UN Women-organized workshop creates innovative ways to improve women’s lives
Author: Sreynich Leng
Phnom Penh, Cambodia — Seventy young people participating in a UN Women-organized “Ideathon” have come up with innovative solutions to the problems women in Asia face in school and at work.
The Innovation for Impact (i4i) Ideathon brought together 70 women aged 18-25 from across the region to discuss ways to improve women’s participation in the workforce and small-medium businesses, personal safety and especially sexual harassment, and access to higher education for girls. The Ideathon, in Phnom Penh on 10-12 November, was the first such event held by UN Women’s Cambodia office.
Facilitators from Singapore guided the participants on how to use Design Thinking and The Wallet Experience to produce creative ideas to solve problems.
One of the facilitators, K. Veerapandiyan, said Design Thinking involves first understanding the needs of the user or community and developing insights to meet those needs. This may require reframing the problem. The next stage is collaboration to generate ideas and solutions that address the root cause of the problem. The final stage is developing a prototype to bring the ideas and solutions to life and to test them with the user or the community.
The participants also heard from inspiring speakers who helped as mentors in the event and who believe that every young woman and girl deserves to equally participate in education and in the workforce, and to do so in environments that are safe.
Sylvia Chim, Director of Sustainability Asia and Pacific of the Japanese personal care company Shiseido, talked about how to become a female leader.
“You are a product of not your circumstance but you are a product of your decision,” she said. “So no matter what card you have been dealt with in life, it’s the personal decision that you take that will decide your fate and your future. You have to first of all start off by respecting yourself enough to know that you deserve access to education, equal employment, same wages as men if you are doing the same job, and you are the creator of your own destination.”
Yehuda Ben Simon, Head of Learning Academy for Asia and Pacific and Japan for the U.S. information technology company HP, also served as mentor at the event. He said there is no such thing as a tech job that women cannot do, and he urged them to apply for openings. Sometimes no women apply, so HP has no choice but to hire a man, he said.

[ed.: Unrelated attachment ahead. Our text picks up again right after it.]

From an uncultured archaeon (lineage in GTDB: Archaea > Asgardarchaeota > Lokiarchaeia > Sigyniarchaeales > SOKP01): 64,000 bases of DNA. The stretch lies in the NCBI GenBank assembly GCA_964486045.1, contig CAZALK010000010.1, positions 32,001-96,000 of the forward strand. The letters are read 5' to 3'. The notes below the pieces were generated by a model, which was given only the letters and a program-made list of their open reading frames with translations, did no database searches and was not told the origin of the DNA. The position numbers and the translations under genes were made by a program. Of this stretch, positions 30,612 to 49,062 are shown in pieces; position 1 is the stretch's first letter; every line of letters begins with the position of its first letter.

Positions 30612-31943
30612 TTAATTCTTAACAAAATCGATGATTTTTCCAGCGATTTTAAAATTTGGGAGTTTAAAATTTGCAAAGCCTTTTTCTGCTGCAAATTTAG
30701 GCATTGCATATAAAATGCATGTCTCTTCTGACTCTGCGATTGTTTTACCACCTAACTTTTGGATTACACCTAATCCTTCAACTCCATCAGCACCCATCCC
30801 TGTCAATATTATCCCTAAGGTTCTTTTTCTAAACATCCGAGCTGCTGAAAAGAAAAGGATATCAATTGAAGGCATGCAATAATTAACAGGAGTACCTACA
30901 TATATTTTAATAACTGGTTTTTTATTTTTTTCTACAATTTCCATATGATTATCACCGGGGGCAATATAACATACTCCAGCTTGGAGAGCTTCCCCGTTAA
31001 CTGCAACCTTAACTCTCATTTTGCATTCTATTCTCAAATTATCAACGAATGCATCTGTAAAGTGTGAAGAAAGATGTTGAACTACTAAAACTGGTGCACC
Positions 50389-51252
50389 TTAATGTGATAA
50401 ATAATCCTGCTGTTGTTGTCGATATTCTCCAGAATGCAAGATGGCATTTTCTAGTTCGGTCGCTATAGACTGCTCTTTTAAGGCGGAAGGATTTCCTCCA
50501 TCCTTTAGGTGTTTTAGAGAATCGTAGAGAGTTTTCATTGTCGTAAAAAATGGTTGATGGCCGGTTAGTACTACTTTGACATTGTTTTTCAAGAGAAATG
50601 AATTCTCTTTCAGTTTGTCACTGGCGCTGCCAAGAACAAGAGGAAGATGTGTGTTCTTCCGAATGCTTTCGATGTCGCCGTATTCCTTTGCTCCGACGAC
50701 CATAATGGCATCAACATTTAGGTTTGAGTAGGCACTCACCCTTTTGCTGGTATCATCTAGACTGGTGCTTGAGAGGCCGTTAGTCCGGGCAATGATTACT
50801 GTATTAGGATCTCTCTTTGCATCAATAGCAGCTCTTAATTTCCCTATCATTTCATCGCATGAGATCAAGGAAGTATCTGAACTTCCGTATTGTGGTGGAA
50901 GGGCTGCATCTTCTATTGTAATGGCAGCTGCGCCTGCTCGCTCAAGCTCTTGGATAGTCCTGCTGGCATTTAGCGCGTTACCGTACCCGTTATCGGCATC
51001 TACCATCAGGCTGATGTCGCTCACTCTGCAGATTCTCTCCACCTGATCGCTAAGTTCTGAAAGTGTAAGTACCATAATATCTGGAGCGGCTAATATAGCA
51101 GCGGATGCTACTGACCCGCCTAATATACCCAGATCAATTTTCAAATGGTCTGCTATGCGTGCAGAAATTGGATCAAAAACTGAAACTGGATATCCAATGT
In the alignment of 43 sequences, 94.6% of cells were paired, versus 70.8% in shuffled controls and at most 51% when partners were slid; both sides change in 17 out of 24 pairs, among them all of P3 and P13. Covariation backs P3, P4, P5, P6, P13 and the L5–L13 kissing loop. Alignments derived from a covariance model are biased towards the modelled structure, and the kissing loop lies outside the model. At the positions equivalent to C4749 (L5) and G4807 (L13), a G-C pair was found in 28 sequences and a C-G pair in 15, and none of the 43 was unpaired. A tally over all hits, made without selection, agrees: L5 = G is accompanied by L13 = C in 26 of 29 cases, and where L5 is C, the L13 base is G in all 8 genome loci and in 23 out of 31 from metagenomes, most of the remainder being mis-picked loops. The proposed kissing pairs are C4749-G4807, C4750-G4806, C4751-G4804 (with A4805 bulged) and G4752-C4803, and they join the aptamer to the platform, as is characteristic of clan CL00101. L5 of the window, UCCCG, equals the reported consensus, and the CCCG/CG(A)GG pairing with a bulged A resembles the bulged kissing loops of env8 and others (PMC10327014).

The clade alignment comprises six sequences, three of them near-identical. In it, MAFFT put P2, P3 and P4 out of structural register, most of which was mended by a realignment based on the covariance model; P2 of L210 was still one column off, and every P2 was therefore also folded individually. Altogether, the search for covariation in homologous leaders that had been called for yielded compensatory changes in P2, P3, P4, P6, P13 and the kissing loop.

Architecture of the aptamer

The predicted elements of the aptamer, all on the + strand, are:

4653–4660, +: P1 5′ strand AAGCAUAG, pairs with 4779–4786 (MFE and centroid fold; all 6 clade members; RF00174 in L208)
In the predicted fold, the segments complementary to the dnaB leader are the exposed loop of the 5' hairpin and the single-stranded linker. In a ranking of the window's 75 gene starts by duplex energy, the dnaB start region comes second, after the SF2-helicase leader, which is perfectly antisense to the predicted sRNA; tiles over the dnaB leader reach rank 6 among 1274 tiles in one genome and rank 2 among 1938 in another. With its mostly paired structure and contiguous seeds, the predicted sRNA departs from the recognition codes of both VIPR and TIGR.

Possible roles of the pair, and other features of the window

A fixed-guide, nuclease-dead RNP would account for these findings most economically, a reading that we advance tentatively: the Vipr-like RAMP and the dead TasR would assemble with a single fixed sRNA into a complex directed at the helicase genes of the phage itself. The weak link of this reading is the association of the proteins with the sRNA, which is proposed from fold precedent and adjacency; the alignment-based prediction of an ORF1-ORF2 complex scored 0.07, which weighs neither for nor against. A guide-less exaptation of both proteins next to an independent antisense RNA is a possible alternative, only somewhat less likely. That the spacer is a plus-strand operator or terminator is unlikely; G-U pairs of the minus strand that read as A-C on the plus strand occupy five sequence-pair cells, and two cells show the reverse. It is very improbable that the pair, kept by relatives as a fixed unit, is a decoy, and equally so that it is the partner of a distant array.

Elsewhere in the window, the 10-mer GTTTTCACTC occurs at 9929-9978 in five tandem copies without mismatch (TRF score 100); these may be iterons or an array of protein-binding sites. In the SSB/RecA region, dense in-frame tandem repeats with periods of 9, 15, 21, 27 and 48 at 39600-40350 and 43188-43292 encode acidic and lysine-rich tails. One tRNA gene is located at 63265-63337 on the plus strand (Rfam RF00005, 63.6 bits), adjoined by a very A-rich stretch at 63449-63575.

The Ideathon participants divided into small groups to work on their solutions. The group that was judged to have the best solution won a study tour to the e-commerce department in Singapore of Charles and Keith Group, a footwear and accessories retailer.
Emmauelle Mace-Driskill, Executive Director of Products and Strategic Planning of Charles and Keith Group, said the study tour participants would learn how e-commerce is structured, what type of software were used, digital elements that are critical to use on websites, and the importance of marketing and communications for the web.
Montha Kanika, a 20-year-old Khmer student, explained how her winning team figured out its solution to sexual harassment. Three team members who are from the computer science field applied their skills while the rest of the team contributed ideas. The result: a smartphone application to support women who have been harassed at the workplace and e-sunglasses that can be connected to a smartphone to record evidence.
Sarah Knibbs, Acting Country Representative of UN Women Cambodia, told all the participants: “This afternoon I’ve honestly been blown away by the smart and innovative ideas you have come up with. But I’m also impressed by the way you work; you shared passion, commitment, confidence, bravery and solidarity.”